MERI provides expert analysis on major issues related to the Middle East through independent and rigorous research. A number of diverse projects have been initiated under MERI’s research programs. The projects are managed by dedicated fellows and currently include:

The Future of EU-Turkey Relations: Mapping Dynamics and Testing Scenarios

FEUTURE is an EU funded (under Horizon 2020) multi-disciplinary research projects, carried out by a consortium of 13 highly experienced partner institutes from the EU (CETEUS; CIDOB, CIFE, DIIS, Eliamep, TEPSA), Turkey (EDAM, Bilgi, Koc, METU) and Iraq (MERI), Georgia (CRRC) and Egypt (AUC, planned). The aim is to assess and analyse future prospects of EU-Turkey relations, and in consideration of the neighbourhood that is unravelling to the east and south and a power shift that can be detected at global level

Liberating Mosul: Pre and Post Factors for Consideration

The aim of this project is to develop recommendations for the various actors involved in the liberation of Mosul. The key point being that the structural and political issues need to be addressed alongside the military plan for Mosul and before any military engagement. Additionally, this project places importance on the development of a detailed post-conflict reconstruction plan.

Relevant publications:
The Future of Mosul: Before, During, and After the Liberation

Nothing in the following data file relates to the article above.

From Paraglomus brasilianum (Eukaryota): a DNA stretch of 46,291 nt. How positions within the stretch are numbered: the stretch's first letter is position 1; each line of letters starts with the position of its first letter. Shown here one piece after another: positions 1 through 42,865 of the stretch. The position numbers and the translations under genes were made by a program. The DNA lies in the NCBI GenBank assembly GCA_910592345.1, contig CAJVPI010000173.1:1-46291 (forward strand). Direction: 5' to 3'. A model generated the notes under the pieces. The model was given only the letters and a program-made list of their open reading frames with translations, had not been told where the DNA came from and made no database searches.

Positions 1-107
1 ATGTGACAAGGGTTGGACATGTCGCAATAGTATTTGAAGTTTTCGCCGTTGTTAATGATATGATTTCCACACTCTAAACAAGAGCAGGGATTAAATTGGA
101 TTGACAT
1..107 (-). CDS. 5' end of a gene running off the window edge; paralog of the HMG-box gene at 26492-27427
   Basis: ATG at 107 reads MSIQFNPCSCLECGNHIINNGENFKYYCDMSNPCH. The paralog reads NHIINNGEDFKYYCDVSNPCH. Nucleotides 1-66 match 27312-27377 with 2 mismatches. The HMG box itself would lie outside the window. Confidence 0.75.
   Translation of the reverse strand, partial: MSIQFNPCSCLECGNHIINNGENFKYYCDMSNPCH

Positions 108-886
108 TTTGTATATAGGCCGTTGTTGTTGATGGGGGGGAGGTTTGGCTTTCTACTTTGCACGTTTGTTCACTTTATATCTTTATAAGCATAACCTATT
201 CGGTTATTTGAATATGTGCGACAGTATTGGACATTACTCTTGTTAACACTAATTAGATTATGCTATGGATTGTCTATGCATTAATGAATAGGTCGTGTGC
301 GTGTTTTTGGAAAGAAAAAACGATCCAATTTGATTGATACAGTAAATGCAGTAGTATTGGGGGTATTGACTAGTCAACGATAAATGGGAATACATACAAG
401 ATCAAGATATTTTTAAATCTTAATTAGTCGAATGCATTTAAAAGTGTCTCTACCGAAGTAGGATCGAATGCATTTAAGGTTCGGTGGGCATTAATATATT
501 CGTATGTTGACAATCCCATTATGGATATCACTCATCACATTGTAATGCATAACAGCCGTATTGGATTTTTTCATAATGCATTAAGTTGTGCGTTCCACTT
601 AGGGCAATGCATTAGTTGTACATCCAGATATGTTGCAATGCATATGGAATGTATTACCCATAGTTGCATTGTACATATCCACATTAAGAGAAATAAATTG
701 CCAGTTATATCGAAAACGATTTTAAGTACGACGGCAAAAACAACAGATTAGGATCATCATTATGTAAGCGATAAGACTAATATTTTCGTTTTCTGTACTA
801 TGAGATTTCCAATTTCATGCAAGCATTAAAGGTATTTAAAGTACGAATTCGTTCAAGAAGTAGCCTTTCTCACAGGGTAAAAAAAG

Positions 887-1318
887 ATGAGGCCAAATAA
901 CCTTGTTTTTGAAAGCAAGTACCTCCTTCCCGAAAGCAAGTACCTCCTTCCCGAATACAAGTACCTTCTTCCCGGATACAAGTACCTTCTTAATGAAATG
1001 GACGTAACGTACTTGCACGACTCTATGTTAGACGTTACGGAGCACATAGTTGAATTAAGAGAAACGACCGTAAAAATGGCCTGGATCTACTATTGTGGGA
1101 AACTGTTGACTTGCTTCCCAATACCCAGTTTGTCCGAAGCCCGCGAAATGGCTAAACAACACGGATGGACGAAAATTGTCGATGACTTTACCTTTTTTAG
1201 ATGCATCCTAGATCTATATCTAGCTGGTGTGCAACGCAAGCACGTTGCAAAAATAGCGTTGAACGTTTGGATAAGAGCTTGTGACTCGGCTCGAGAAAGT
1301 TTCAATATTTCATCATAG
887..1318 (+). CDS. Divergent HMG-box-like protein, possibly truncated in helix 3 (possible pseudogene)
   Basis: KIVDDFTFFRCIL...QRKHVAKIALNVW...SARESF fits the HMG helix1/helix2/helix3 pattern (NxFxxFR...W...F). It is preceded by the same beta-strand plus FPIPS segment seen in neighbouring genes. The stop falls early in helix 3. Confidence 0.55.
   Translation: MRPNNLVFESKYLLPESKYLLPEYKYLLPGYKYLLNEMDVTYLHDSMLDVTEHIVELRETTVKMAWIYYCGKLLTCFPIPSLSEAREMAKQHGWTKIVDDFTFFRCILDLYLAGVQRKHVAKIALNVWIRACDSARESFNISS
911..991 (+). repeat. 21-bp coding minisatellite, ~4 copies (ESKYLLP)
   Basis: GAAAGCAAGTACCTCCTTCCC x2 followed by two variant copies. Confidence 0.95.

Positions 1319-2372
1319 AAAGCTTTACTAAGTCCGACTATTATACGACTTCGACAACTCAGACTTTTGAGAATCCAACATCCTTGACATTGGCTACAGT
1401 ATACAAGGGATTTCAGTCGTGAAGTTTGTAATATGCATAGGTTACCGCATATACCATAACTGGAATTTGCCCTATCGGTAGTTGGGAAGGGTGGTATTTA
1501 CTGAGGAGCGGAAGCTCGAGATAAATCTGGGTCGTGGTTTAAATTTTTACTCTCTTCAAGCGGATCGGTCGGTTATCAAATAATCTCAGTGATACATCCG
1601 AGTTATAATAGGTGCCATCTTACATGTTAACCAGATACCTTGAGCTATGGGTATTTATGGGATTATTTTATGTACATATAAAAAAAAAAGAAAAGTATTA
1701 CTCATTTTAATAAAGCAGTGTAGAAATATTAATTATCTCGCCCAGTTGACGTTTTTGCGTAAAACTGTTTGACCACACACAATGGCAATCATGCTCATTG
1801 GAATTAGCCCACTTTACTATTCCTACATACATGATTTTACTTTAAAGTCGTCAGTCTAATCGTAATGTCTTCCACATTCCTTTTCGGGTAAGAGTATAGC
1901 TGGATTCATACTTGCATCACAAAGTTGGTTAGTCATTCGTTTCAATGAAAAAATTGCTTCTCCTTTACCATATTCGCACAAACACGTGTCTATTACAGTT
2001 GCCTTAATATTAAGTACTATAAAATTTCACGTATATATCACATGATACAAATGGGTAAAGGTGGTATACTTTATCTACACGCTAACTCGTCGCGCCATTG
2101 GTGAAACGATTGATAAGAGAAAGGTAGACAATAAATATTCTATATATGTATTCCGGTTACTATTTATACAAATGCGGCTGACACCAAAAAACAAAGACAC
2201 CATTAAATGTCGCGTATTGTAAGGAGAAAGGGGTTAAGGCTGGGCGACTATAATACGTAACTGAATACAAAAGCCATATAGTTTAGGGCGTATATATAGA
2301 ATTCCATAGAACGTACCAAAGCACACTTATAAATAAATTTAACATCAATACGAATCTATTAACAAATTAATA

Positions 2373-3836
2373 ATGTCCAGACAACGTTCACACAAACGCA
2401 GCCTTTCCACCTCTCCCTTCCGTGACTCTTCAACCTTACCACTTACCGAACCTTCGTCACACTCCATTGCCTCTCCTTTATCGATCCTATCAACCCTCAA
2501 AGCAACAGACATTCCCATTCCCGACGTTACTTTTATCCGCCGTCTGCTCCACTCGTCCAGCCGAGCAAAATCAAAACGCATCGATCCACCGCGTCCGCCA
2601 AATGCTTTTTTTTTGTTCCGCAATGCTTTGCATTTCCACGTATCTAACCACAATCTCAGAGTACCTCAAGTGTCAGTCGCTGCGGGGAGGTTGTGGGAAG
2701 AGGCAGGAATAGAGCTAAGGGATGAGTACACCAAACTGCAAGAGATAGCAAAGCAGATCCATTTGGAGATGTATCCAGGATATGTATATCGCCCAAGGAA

Roundtable on “The Future of Mosul: Before, During, and After the Liberation”
And the Marginalisation goes on: Iraq and the Politics of Domination
The Battle for Mosul; Pre and Post ‘Liberation’ Planning
Liberating Mosul and the Future of Ninewa
Defeating the Islamic State will take more than Gunpowder

Perceptions of Reconciliation and Conflict Among Iraqi Minority Groups

This research aims at understanding perceptions of reconciliation and conflict among five minority groups in the North of Iraq. Those groups include Christians, Yazidis, Shabaks, Turkmen, and Sabean-Mandaeans. The Islamic State’s advances in 2014, paired with the political and economic crises that have bedevilled Iraq and the Kurdistan Regional Government, exacerbated communal relationships among the communities who have been living in the North of Iraq and may incite new tensions if left unchecked. The Middle East Research Institute (MERI), in conjunction with the United States Institute of Peace (USIP) seeks to examine intra- and inter- relationships among those minority groups as well as their relations with both The Central Government and the Kurdistan Regional Government.

Resilience-building for Syrian refugee camps and the neighbouring host community

This project evaluates the feasibility of transforming the refugee camps and neighbouring towns into resilient communities. In essence, this involves building interventions to address the gaps between the current livelihoods situation and the targeted resilience indicators.

Relevant publications:
Advancing the concept of resilient livelihoods for Syrian refugees
Learning lessons for a resilience-based development response to the Syrian refugee crisis
With decreasing humanitarian aid, more development must come for refugees and hosts in Kurdistan